Electroencephalogram – EEG – for migraine diagnosis

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The electroencephalogram, or EEG, looks like something out of a science fiction movie. One or two dozen small, metal discs attached to the scalp to record electrical activity in the brain. This test is usually only given if the migraine sufferer has seizures and epilepsy is suspected. The EEG can detect or rule out other disorders that may be causing the migraine symptoms.

Why have an EEG for migraines?

An EEG can detect or help find the cause of

  • Epilepsy or other seizure disorders
  • Brain tumors
  • Head or brain injuries
  • Certain dysfunctions in the brain
  • Stroke
  • Brain or head inflammation
  • Bleeding, hemorrhage in the brain
  • Certain sleep disorders
  • Certain types of memory loss
  • Dementia

How do EEGs work?

The EEG can be conducted in the doctor’s office, hospital or laboratory.

You will need to lie on your back or recline in a chair. Flat, metal discs containing sensors and called electrodes are attached to the scalp with an adhesive or you may be asked to wear an elastic cap with the electrodes already attached. Wires leading from the electrodes record brain waves, which appear as squiggly, zigzag lines. The test takes 30 minutes to an hour to complete. During the test you may be asked to sleep, relax, close your eyes, read or look at a bright flashing light. The EEG records your brain waves, or the brain’s electrical activity.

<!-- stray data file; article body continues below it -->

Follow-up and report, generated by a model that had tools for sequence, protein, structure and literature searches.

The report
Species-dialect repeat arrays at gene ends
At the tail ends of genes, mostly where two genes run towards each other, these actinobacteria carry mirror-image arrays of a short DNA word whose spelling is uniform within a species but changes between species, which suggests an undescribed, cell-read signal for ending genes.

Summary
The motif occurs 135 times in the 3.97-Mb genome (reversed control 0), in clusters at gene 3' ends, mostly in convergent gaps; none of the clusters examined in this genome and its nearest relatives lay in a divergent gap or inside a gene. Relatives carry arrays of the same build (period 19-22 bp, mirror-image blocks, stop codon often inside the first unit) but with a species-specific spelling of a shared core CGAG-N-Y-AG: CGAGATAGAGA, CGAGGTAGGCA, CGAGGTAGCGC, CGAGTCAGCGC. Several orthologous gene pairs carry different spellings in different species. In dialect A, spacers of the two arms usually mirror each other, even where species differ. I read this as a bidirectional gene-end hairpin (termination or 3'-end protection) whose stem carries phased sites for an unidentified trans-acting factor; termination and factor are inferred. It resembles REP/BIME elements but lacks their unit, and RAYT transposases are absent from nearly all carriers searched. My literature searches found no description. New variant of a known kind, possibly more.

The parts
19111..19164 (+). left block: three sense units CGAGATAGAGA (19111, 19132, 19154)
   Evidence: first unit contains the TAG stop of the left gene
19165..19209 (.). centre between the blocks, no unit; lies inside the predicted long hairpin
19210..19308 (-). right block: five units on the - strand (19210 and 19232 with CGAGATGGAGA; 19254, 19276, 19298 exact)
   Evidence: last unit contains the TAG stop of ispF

For eight hours before the test, do not eat or drink anything containing caffeine. You should also speak with your doctor about any medications you take. Because the electrodes will go directly on your scalp, you will likely be told to wash your hair the night before and not to use any oils, conditioners or creams on your hair or scalp.

Because there is no specific test a doctor can use to diagnose a migraine, like all other tests, the EEG is used to rule out other causes for the migraine symptoms. The best way to help your migraine doctor diagnose migraines is to keep a detailed account of each and every migraine attack. This record should be in your migraine journal, which lists all of your migraine symptoms, what you were doing before the symptoms surfaced, how long they last and the severity of the symptoms.

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